She has a little too much glitter on her eyelids. That’s the first thing one might notice about Autumn (newcomer Sidney Flanigan). Then there’s the costume jewelry and the gaudy pink polyester jacket à la Grease. All the usual offenders are accounted for in the small-town talent show where Autumn is performing: an Elvis Presley routine, a barbershop quartet, and one too many dance numbers. However, despite appearances, Autumn’s musical act is markedly different from her fellow classmates. She sings her heart out, an acoustic ballad about love and cruelty, but there’s a heaviness in her presence, suggesting the pleasures of youth have all but left her. Even in the face of hecklers, Autumn projects an uncommon sense of self-possession. She’s not easily shaken. But she’s also 17 and pregnant.
On and off stage, it’s apparent that Autumn leads a lonely life. Consequently, her sluggish pace and sullen demeanor go unnoticed by most everyone in her small world. But not much gets past her ebullient cousin Skylar (Talia Ryder), who works with Autumn at the grocery store after school. When Autumn gets caught in the bathroom vomiting, Skylar tries to convince their middle-age boss to let them leave a couple hours early. He refuses, rather creepily insisting that he’d miss her. He then forces a kiss on the girl’s hand and sends them back out to finish the work day.
At home, all the usual signs of neglect and emotional abuse present themselves. Blink and you’ll miss Autumn’s do-nothing mother (Sharon Van Etta) wordlessly sliding her daughter a beer as if it were a soda. Even worse is her stepfather (Ryan Eggold), whose main interests involve rolling cigarettes, watching cartoons, and glowering at Autumn. The threat of violence never feels too far away. Accordingly, when Autumn discovers that abortions in her home state of Pennsylvania require parental consent, she’s forced to make other plans.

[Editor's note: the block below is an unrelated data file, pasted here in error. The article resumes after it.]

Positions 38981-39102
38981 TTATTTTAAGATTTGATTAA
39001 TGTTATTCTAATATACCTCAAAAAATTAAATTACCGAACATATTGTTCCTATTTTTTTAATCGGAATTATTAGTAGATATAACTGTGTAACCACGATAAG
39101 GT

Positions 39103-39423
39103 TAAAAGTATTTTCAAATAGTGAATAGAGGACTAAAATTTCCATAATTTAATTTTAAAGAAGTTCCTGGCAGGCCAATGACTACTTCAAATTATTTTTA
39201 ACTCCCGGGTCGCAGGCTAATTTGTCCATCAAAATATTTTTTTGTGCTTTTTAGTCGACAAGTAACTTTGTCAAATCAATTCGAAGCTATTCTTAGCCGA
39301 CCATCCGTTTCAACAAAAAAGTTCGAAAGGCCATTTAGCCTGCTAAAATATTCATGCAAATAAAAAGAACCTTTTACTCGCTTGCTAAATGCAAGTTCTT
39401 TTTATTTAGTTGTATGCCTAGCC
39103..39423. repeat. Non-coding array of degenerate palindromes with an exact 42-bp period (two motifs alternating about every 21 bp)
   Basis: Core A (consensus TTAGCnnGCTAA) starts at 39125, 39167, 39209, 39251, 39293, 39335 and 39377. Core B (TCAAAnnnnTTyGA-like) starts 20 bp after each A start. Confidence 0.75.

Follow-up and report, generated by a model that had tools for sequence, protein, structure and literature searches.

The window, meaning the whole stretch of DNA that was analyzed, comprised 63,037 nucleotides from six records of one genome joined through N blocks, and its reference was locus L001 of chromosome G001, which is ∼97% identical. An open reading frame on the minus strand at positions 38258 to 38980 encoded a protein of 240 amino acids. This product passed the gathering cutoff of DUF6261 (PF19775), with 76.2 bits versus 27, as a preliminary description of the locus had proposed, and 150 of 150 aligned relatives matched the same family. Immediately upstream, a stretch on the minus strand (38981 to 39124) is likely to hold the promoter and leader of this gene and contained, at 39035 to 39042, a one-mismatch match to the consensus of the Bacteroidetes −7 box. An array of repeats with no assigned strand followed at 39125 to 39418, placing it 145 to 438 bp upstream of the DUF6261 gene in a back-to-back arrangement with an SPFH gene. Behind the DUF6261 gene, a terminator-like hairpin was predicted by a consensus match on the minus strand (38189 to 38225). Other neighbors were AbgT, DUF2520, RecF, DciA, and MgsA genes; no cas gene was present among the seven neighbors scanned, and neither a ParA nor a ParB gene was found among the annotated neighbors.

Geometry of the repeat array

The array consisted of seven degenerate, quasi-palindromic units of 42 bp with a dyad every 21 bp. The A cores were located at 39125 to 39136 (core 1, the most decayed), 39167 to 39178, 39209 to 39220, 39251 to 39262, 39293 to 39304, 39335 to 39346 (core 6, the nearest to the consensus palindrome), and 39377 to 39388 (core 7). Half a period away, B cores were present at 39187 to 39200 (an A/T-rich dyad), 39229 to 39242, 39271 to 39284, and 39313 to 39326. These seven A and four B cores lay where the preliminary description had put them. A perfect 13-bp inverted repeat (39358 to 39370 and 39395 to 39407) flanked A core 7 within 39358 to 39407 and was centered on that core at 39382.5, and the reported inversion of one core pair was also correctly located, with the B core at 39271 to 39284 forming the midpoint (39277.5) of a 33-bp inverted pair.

With no real alternatives, Autumn and Skylar sneak off to New York, a state that allows abortion even into the third trimester. However, their grasp of the state’s abortion law, let alone the country’s healthcare system, is tenuous at best. (As it is for most Americans, to be fair.) With nowhere to stay, and only a clinic address to guide them, the two girls find themselves overwhelmed in their attempts to navigate the city and its institutions.
Never Rarely Sometimes Always is writer-director Eliza Hittman’s third feature, and the film’s greatest strength lies in the director’s penchant for restraint. Dialogue is sparse. Instead, Hittman turns to action – a cough-syrup binge, punches to the stomach – to suggest her protagonist’s plight. This more voyeuristic approach, one that certainly owes a debt to Agnès Varda’s Vagabond and Lynne Ramsay’s Morvern Callar, makes an argument for director-as-observer. Audiences are let into the immediate lived experience of Autumn, but little more is revealed. Autumn’s interior life and personal history are hers alone. It’s this voyeuristic mode of Hittman’s that ultimately saves Never Rarely Sometimes Maybe from descending into cant.
This is far and away Hittman’s most mature work to date. Her previous films, It Felt Like Love (2014) and Beach Rats (2017), though strong efforts in their own right, often struggle to sustain their narrative trajectories. Critics have been quick to place the blame on the filmmaker’s disconsolate worldview. They’re not exactly wrong – Hitmann’s films are indeed cynical pictures. Yet they are also deeply sensitive, lending a patient ear to some of society’s most vulnerable members. However, when gazing so deeply into her protagonist’s reality, the rest of the players tend to fall away. Her deftness and restraint don’t quite extend to her secondary cast, which occasionally dips into contrivance.
Abortion tourism is hardly a new phenomenon. However, in a post-Trump America, where conservatives now have dominance in the Supreme Court, Never Rarely Sometimes Always comes at a time of supreme urgency. With that in mind, the film’s significance extends beyond its artistic merits. Meticulously executed and researched, the scenes in Planned Parenthood are derived from Hittman’s conversations with social workers and counselors at the clinic. This results in not only powerful onscreen realism but also a radical education on the abortion process. In a reality where Roe v. Wade could be overturned, and the current coronavirus pandemic has proven an opportunity for many pro-life states to limit women’s access to abortion, Never Rarely Sometimes Always feels not only timely but necessary viewing.
Never Rarely Sometimes Always is now available to rent from major online platforms.